Saints, Holiness, and Discernment

Posted: 11/9/2016

When I was a child, I wanted to be a missionary martyr. I guess when church was so much part of your growing up you just couldn’t help but imagine yourself to be one. On my knees as I recited my prayers, I would often imagine myself being martyred while bringing the gospel to people in far away places.

As I got older, however, that religious fancy started to wane. And the older I get, the farther it fades. Why? Because, as I look at my life, with its flaws and imperfections, I don’t think I would ever be a good candidate for sainthood! I know I am not the only one who thinks that way.

This is the number one reason why we too easily give up any intention of becoming like the saints who we often ask intercessions from. We have a mistaken view that the saints we know are way up there; they possess extraordinary gifts of prayers, mystical experiences, or healing powers that we do not have and will never attain. But as I feed myself with a daily diet of reading from The Lives of the Saints, I start to realize that even after their decisions to amend their lives, they remained stubbornly imperfect. In other words: human! They had all the human limitations of human existence: personality problems, failures, mistakes, errors in judgment, and even at times sins. That is what being a saint is all about: God’s power shining through our human weakness!

Here are a few examples: One of my patron saints, St. Therese of Lisieux, loved the Virgin Mary but disliked praying the Rosary. She was a great mystic but hated retreats. St. Teresa of Calcutta once doubted the very existence of God. St. Jerome had a bad temper, and he would have greatly benefited from an anger management class. He had trouble getting along with St. Ambrose. St. Jerome called St. Ambrose “an ugly crow who decked himself out in peacock feathers.”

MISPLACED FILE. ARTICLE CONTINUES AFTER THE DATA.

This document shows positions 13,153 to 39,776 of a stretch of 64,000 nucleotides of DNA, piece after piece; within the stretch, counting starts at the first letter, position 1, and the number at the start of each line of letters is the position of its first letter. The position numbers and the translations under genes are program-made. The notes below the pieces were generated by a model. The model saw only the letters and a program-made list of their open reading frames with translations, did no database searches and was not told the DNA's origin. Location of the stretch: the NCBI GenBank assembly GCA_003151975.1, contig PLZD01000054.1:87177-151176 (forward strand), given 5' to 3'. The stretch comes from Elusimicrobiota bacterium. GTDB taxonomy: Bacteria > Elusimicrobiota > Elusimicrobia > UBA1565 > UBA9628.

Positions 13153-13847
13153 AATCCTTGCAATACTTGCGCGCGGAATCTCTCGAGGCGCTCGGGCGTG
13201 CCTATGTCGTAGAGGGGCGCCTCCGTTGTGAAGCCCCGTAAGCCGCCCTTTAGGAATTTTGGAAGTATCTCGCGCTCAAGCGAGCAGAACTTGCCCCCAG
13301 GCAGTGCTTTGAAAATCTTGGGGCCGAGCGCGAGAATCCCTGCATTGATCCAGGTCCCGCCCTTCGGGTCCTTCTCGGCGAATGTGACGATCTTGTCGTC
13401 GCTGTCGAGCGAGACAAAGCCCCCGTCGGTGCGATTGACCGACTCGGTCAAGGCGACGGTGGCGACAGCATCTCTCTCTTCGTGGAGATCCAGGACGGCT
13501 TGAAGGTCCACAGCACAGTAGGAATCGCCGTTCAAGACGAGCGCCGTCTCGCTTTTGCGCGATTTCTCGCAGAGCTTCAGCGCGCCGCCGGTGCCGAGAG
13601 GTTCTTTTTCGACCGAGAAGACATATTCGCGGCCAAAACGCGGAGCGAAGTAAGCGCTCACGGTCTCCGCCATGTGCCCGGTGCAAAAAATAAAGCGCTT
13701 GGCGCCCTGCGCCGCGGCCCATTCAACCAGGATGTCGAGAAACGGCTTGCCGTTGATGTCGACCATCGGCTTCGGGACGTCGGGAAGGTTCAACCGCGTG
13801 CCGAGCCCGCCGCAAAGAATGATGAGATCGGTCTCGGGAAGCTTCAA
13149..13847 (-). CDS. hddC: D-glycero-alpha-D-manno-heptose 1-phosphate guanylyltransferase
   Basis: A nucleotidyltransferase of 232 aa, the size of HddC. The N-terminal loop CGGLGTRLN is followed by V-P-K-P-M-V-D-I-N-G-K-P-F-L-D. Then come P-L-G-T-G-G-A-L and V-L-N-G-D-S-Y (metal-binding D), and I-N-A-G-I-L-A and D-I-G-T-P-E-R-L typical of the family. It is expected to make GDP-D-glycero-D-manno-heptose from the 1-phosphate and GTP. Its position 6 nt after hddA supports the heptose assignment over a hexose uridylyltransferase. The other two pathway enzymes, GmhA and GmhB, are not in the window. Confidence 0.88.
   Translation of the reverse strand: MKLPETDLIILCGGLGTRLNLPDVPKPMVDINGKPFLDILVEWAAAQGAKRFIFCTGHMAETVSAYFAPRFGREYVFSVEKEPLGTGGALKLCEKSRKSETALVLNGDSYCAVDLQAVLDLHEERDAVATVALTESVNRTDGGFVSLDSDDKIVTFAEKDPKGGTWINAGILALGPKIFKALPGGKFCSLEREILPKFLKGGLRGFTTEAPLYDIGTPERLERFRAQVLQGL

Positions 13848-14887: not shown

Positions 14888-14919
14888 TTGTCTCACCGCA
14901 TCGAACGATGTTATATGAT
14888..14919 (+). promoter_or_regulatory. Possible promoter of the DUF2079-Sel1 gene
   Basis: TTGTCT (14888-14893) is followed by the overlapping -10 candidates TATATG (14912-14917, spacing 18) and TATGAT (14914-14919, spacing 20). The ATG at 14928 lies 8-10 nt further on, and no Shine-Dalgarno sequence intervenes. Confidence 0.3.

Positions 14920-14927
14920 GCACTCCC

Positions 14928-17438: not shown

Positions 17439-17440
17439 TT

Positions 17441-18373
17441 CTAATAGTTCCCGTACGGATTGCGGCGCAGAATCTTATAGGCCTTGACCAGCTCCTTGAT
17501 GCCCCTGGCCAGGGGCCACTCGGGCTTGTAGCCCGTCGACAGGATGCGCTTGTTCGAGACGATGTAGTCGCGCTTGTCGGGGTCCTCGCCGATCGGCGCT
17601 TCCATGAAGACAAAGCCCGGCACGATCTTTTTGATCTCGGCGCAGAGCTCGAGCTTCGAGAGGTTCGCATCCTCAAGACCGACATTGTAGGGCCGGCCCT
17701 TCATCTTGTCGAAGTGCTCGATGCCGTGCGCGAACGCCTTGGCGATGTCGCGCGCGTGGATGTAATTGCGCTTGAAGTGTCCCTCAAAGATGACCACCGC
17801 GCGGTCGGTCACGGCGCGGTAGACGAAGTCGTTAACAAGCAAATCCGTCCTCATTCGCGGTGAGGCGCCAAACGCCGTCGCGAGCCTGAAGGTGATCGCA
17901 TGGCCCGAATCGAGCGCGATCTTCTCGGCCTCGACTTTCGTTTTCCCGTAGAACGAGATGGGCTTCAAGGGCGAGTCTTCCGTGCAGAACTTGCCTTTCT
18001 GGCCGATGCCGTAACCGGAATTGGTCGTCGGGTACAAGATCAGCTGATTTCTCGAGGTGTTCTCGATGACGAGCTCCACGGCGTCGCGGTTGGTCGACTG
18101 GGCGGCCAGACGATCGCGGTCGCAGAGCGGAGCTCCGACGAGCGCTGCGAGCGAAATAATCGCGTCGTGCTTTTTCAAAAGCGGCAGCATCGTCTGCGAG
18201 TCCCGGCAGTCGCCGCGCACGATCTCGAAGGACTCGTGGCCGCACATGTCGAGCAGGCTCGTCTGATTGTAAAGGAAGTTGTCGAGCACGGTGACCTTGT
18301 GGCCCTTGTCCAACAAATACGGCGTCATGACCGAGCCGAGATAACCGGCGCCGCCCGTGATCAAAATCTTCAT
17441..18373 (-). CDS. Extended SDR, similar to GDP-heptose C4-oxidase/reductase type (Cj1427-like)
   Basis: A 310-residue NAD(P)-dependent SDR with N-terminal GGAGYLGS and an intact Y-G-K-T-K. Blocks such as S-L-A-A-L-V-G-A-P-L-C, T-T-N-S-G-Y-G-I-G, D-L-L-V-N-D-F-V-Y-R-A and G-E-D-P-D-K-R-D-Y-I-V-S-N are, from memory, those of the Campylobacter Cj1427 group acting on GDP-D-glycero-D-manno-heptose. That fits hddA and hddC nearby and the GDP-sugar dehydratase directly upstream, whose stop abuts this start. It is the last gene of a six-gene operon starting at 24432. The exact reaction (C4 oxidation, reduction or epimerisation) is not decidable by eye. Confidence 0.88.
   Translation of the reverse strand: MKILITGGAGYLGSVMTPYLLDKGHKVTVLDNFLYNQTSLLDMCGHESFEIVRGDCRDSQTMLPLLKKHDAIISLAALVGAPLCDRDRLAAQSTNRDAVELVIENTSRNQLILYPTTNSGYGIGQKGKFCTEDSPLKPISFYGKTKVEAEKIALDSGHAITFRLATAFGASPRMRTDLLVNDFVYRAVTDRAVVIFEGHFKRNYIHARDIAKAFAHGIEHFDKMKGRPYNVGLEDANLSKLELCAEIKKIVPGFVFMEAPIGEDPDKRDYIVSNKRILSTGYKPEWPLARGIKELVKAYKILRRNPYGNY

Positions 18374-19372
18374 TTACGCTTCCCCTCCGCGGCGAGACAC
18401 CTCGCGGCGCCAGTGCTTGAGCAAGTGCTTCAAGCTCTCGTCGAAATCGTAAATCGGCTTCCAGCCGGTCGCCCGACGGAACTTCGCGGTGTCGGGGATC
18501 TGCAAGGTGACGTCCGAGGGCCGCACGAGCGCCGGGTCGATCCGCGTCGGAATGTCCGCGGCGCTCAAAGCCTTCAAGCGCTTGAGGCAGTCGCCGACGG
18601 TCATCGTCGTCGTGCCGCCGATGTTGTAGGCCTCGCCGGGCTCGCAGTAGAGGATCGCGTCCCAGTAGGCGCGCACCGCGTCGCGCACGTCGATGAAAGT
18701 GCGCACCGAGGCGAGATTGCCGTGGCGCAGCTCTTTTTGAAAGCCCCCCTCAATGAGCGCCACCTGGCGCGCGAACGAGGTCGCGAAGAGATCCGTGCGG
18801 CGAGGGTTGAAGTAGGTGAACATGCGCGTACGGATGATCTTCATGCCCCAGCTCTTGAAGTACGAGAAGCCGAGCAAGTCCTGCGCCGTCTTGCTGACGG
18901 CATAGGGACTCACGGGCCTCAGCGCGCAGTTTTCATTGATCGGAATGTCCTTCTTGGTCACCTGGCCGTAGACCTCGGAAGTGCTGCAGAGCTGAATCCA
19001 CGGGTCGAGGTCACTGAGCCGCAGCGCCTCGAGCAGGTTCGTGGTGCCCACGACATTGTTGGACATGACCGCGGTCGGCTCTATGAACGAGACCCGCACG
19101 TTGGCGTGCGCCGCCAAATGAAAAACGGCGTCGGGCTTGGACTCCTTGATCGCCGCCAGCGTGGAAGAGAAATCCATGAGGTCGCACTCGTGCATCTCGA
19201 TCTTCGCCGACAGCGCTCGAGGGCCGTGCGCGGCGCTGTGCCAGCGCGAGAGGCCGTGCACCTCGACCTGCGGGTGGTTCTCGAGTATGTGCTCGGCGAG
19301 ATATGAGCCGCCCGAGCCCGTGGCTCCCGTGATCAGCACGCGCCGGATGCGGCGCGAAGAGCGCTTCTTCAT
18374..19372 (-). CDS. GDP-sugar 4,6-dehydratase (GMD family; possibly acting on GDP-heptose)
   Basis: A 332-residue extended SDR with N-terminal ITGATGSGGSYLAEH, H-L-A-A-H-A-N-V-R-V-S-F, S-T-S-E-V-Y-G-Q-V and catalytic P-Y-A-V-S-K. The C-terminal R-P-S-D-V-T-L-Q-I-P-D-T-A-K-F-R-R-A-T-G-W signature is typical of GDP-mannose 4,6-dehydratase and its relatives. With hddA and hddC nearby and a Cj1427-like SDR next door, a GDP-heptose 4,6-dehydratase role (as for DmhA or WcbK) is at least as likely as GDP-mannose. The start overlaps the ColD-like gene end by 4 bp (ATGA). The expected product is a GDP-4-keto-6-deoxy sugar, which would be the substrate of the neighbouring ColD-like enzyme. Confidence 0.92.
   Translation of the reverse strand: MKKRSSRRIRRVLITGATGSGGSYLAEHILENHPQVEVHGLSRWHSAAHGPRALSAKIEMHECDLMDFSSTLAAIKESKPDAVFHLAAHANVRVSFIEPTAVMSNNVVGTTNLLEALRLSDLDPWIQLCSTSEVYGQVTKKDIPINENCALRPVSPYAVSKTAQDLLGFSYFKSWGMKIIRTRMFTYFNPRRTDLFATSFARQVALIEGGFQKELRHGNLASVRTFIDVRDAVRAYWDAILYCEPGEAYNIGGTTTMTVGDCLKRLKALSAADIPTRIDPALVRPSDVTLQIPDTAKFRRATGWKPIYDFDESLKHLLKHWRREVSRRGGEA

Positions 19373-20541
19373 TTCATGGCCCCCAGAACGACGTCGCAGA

I make these two points.

First, there’s no perfect religious community or society. Glenmary is no exception. Every single member brings his own unique gifts and personality and allows God to use them. A discerner will surely be disappointed if he is looking for a religious community whose members are all like-minded. A discerner needs to have that openness when attending a Come and See weekend.

And secondly, recognizing and embracing our own human limitations puts us one step closer to discerning God’s call. Our patron and Confirmation saints were holy and devoted their lives to God. They were also human. And they knew it, too.

Of all people saints were the most cognizant of their flawed humanity, which served as a reminder of their reliance on God. Perfection is not a requirement for holiness. The road to sainthood – which is really another way of saying discerning God’s call -- always begins with accepting our humanity, our helplessness, our weaknesses, imperfections. Our lives may be broken – and we may be ashamed of them – but that does not mean God can make something beautiful out of them.

My practical take on sainthood is this: If St. Jerome could make it to heaven, then we too have a very good chance of making it there as well. Now, that’s really God’s power shining through human weakness!